I’m voting the latter myself.
Steven Soderbergh’s two-film, four-hour biopic Che could hardly be called a small-scale undertaking. But the director insists that to help build his portrait of the famous revolutionary Che Guevara, he “wasn’t looking for big stuff.”
Instead, Soderbergh wanted quiet moments — like “when [Che] is asked if he wants any powder on his face before he goes on TV, and he says no,” Soderbergh says. “Then he sees someone else getting powder and he says, ‘Yes, I’d like a little.’ ”
These moments, Soderbergh tells NPR’s Melissa Block, bring a larger-than-life figure back down to scale — even though some critics have argued that by glossing over certain episodes, the director has glorified a controversial figure.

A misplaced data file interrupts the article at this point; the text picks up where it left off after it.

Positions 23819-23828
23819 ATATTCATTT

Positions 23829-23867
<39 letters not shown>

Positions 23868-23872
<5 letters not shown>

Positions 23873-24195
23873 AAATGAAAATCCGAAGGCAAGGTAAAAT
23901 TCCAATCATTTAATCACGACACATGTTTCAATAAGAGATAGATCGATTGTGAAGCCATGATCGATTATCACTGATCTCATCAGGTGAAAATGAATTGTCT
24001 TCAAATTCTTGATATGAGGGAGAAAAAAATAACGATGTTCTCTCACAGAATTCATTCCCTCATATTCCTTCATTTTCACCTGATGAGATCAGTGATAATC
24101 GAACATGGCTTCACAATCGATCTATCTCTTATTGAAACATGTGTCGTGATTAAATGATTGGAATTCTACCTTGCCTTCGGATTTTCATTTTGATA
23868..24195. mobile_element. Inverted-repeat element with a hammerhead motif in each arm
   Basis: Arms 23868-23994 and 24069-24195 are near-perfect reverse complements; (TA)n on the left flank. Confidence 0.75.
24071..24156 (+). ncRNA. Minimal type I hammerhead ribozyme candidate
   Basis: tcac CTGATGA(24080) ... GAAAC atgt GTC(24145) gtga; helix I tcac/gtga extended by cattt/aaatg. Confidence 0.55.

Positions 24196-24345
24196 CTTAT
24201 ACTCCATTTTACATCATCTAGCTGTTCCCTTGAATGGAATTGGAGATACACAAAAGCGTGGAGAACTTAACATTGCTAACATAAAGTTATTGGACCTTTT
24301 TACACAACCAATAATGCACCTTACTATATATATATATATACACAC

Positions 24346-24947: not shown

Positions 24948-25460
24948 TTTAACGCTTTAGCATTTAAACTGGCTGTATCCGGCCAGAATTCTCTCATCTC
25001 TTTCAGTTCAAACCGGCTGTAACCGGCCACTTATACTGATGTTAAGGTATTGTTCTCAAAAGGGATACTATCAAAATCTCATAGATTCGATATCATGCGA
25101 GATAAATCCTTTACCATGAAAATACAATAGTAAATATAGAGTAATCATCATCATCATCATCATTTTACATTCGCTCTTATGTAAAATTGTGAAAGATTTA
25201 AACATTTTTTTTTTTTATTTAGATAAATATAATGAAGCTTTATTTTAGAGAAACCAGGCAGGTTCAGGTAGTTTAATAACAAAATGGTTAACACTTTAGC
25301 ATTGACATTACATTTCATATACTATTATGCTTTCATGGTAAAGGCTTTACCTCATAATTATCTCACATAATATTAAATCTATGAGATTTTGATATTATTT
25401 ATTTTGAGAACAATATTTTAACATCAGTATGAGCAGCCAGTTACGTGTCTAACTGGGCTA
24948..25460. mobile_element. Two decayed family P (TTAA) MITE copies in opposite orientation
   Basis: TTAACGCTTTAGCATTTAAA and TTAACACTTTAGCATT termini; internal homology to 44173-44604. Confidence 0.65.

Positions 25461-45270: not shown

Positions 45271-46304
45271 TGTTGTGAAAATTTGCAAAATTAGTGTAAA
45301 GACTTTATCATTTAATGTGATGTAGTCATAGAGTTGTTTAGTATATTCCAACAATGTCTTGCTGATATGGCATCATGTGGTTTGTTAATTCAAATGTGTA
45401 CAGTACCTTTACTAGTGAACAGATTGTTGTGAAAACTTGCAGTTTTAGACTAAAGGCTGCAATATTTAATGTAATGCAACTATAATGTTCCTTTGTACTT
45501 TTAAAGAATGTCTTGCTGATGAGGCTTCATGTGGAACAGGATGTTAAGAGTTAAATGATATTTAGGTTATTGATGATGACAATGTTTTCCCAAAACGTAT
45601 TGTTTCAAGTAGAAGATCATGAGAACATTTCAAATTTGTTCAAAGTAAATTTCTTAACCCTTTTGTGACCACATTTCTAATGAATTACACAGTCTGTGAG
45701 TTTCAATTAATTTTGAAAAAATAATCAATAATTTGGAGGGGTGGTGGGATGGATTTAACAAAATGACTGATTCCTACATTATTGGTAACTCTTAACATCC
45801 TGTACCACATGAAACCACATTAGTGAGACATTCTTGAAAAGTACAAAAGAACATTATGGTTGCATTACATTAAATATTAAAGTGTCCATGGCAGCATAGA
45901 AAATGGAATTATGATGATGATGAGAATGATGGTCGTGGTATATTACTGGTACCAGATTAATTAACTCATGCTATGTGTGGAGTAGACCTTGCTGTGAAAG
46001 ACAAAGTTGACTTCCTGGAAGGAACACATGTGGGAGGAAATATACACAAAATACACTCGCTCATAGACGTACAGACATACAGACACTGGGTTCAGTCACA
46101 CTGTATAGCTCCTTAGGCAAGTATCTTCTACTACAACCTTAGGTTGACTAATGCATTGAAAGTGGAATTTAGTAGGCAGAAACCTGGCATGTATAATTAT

Those “certain episodes” like the mass murder of thousands, perhaps millions, of freedom-loving Cubanos?
Four hours? Four-freaking-hours? I can’t figure out if Soderbergh was so in love with his own stuff he just couldn’t cut it any more; or if Benicio Del Toro wanted more screen time. I think what really tells the tale is how this “Limited Engagement In Theatres” has already progressed to “Pay Per View” in less than four weeks.
Nope. no plans to see it, really.